The influx of kitsch objects gradually brought with it an overall change in attitudes toward the definition of beauty itself. Unlike the traditional elite classes who exercised refinement and cultivation in their appreciation for the subtleties of true artistic expression, the new classes lacked any taste for subtlety, preferring art that was loud, direct, and excessive. Where true art required strenuous interpretation, a cultivated sensibility, and presented the viewer with personal and ethical challenges, the kitsch of mass-produced art sought to make itself available to the maximum number of people. It took the shortest, easiest, and most direct route, always preferring more intense aesthetic expression through added features and exaggerated effects. On the question of beauty, the purveyor of kitsch reasons according to the principle, more is better: Why have a chandelier hung only with cut glass baubles when you can afford one with cherubs and electric candles? Why be content with a plaster reproduction of the Venus in the foyer when it can be lit from behind, producing a more "dramatic" effect. Why settle for a simple oil seascape when you can have one with crashing waves, sea gulls, and a partially obscured full moon shining right through the towering curl of a cresting wave? The mass-produced art of the new classes simply declares the effect it intends: "beauty!" "exotica!" "sentiment!" The familiar earmarks of kitsch: exploding fields of flowers, the faces of cute children, etc., deliver aesthetic response with greater intensity and in a more direct manner because of its use of overstatement. However, even while kitsch maximizes aesthetic effect, it remains faithful to its vision of high art: kitsch believes itself to be sincere, graceful, even profound—like high art itself. Thus, this quality of maximized effect in the form of high culture defines an important aspect of kitsch.
But that is not all: more than simply graceless and overstated, what makes kitsch kitsch is its dependence on expressions of comfort, "happiness," and an artificial sense of well-being. Kitsch expresses a pleasurable experience of everyday comfort, coziness, and easy solace, an artificially simplified and synthetically comfortable image of the world, allowing an easy and gratuitous sense of bliss. Kitsch achieves this in many ways: in Norman Rockwell's paintings of small town America, for example, kitsch expresses a contrived sense of wonderment at the innocence and folly of everyday people and things, especially children, animals, and old people whose everydayness is raised up to the level of an important human virtue. In Rockwell's paintings there is little ambiguity about the people he represents: they are cute, and this fact hits the viewer with immediate and unmistakable force. Kitsch aims for the easiest responses it can get, preferring rather to deliver us back to the comfort of familiar feelings than to challenge us with new ones. For this reason, kitsch appeals to sentimentality, as demonstrated in the work of Margaret Keane, the notorious painter of teary eyed clowns and children with enormous almond-shaped eyes. The sappy figures in Keane's work squeeze out a response before we know what has hit us, and this response is a simple, obvious, and direct joy in what is simply and obviously joyful: cute little children. However, for both Rockwell and Keane, there is a pretentious aspect to their work: though their subject matter is comfortable and accessible it is not simply decorative. These are sincere, human expressions of a fundamental human quality, calling for the same respect and admiration we reserve for the humanity alone. In this way, cute kitsch makes the same appeal to the higher values of human beauty as does high art. And, more importantly for kitsch, the fawning sentimental reactions these images demand from its viewers are made to seem somehow virtuous, profound, and universally human. The viewer is flattered into feeling that the cuteness of one of Rockwell's everyday folks expresses the same essential value of human life that Michaelangelo gave to the David. All of this expresses the value of familiarity and comfort itself, raised up to the level of a true artistic statement, amplified through exaggerated effects so as to be easy and accessible to all. In short, kitsch tries to stimulate us in a direct and accessible fashion, passing off comfort and sentimentality as expressions of profound human significance, or deep personal meaning. Kitsch prefers to show us what we already know so as to save us the discomfort of experiencing something for the first time.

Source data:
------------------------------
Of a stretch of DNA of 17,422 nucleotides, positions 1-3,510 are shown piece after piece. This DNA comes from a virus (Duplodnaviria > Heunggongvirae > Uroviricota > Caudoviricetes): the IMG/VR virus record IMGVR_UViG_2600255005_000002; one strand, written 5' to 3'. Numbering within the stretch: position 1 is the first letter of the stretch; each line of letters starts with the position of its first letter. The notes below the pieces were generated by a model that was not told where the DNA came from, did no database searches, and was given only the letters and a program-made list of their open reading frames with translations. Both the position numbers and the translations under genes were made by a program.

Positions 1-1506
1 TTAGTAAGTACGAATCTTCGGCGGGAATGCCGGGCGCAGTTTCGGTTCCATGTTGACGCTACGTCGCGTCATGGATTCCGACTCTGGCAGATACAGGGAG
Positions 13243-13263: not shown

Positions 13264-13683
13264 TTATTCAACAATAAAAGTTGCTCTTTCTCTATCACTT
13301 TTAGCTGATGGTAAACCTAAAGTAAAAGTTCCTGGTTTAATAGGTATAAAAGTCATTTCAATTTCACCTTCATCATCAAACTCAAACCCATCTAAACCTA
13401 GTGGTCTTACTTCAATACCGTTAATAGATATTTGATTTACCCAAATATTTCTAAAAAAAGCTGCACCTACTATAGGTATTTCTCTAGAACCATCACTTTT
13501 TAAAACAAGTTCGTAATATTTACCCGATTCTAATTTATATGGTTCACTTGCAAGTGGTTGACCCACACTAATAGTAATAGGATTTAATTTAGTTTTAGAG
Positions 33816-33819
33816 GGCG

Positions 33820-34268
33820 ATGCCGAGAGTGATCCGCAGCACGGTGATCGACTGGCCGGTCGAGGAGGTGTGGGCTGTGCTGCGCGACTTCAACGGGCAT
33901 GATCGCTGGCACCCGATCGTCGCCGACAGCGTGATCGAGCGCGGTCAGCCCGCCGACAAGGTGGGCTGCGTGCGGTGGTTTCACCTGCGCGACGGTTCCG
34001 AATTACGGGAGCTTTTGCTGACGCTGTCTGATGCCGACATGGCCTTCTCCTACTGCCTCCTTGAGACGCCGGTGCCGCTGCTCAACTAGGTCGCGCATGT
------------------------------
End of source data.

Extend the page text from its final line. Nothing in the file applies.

Kitsch, however, is a very volatile, flexible, and vague term, infinitely adaptable to the specific historical conditions of its use, conditions where popular culture is thought to be getting out of hand. Comparing a few of the most important uses of the term, we see how some uses of kitsch emphasize its aesthetic and others the historical and social dimensions.